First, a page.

This is my situation and I think many others also who have bought a hybrid: My main family car was a Ford Explorer (I still have it), it gets 15mpg. My second car was a Ford Focus (21mpg) which I sold and bought the FWD Escape Hybrid. The focus sat in the driveway and was only use to drive to work. The Explorer was driven 20,000 miles a year and the Focus was driven 10,000 miles a year. I would never drive the Focus to save 5-8mpg over the Explorer with the family but if it saved 15mpg (twice the Explorer) I would if I could. Same holds true with a non hybrid Escape because it doesn't get 30mpg (the V6 is the hybrid equal only gets 18mpg). It would cost me more in gas to go from a focus to a V6 Escape.

    Now I have 15,000 miles in just 9 months on my Hybrid. It has changed my driving habits and I punched out 44.32mpg the other day. My average is about 36mpg from the time I bought it. Most FEH owners are not hypermilers and don't care to be and thats just fine because 30mpg is great in a 5 passenger SUV. The FEH is my Family car now and I am saving over $200.00 a month on gas, I get a Tax break this year and don't forget the 8yr warranty I got on the hybrid system.

    With todays gas prices, I could not afford not owning my FEH and its paying for it self.


  8. #17
    Guest

    Hybrid Hype and Consumer Acceptance

    The federal government has proposed TAXing hybrid cars as a means of coverning short falls in its highway budget programs. Governement ---AKA Congress and the Senate fail to see the importance of hybrid technology as a means of removing us from foreign OIL dependence. Hybrid technology research and developement, alternative fuels and more efficient power plants in automobiles is ESSENTIAL. Big OIL and failing American Automotive industry is going to bust the United States Economy if there is not a national plan for energy independence established. All the major development in new automotive technologies is off-shore and the American automotive industry is suffering. Something has to change real fast. Hybrids is a start...but professional politicians in Washington are totally out of touch with everything.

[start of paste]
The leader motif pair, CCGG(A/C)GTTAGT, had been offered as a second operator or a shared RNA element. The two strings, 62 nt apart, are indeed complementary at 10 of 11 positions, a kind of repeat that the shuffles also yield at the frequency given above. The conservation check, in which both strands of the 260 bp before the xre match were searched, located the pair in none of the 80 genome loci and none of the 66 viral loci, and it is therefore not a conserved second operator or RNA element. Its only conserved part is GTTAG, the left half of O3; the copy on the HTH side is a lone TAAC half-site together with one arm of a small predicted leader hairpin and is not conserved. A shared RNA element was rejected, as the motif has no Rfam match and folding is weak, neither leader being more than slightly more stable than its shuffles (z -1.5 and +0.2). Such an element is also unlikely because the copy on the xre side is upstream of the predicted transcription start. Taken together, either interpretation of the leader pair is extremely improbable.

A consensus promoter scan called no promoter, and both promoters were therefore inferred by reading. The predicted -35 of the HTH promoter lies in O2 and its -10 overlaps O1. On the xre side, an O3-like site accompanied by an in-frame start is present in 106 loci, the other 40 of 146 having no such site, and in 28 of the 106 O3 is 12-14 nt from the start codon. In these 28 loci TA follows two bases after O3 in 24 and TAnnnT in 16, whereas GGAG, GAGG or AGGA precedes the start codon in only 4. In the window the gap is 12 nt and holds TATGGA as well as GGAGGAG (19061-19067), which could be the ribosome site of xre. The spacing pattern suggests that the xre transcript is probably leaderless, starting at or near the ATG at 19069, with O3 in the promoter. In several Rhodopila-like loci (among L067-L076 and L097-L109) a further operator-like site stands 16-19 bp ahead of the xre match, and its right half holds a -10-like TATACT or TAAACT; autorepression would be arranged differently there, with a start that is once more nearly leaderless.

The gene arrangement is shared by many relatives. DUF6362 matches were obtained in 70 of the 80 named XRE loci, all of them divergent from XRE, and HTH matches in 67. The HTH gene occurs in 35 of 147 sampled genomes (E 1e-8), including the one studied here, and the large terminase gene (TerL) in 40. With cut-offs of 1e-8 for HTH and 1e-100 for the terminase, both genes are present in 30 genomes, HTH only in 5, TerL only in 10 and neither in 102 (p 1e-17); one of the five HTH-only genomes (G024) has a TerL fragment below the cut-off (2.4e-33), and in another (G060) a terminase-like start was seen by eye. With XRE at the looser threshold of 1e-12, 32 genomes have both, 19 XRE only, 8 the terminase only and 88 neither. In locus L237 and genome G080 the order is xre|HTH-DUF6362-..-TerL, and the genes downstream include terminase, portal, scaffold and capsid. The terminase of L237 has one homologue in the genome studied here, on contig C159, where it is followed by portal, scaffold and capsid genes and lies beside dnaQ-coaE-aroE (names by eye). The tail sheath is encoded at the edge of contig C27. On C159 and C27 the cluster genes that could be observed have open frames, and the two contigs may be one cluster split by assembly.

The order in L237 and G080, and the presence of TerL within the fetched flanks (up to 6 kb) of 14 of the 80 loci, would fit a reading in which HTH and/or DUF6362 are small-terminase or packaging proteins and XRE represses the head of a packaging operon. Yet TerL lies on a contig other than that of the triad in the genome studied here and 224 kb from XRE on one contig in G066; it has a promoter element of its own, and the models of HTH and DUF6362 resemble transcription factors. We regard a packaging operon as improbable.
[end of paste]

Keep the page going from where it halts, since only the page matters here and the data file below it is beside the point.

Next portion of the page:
9. #18
    Guest

    Hybrid Hype and Consumer Acceptance

    Can't agree more Guy. The need to put people to work to generate more tax money gives these yahoo's the excuse to squeeze the only things that help this Country. The bribes and kickbacks for contracts are finally starting to come out now and its time Americans think when they vote.

    The Country is being ran by WARLORDS who promote their cronies and retaliate against those who speak out.

    When they look to destroy the Hybrid incentive, its time for them to get lost.

    Gary

  10. #19
    Guest

    Hybrid Hype and Consumer Acceptance

    Only when the analysts compared the Toyota Prius to the Toyota Camry LE
    did the hybrid ownership experience prove financially advantageous -- but
    barely. Over the first five years of ownership, the Camry is expected to cost
    just $81 more than the Prius.
    However, when comparing the costs of the other vehicles, Edmunds.com
    analysts determined that gas would have to cost at least $5.60 per gallon for
    hybrid drivers to break even if they drove 15,000 miles per year over the five
    years. Alternately, they could break even if they drove at least 37,000 miles
    per year at the current average gas price of $2.28 per gallon.
    Below are the break-even points for hybrid ownership for each vehicle in
    the study.


    Model Fuel Would Have to Or a Driver Would Have to
    Cost ... Exceed Annual Mileage of ...
    Ford Escape Hybrid
    (vs. Ford Escape XLT AWD) $5.60 37,000
    Honda Accord Hybrid
    (vs. Honda Accord EX V-6) $9.20 60,000
    Honda Civic Hybrid
    (vs. Honda Civic LX) $9.60 63,000
    Toyota Prius
    (vs. Toyota Corolla) $10.10 66,500
    Toyota Prius
    (vs. Toyota Camry) $2.28 15,000

  11. #20
    Guest

    Hybrid Hype and Consumer Acceptance

    Jake, there are zero staff at Edmunds which think hybrid cars are a good idea, they are quite biased tward large, powerful and fast vehicles.

    Their numbers are severely skewed.
    I regained any price premium in my HCH vs a comparable Civic EX within the first year, when gas was about $1.25/g.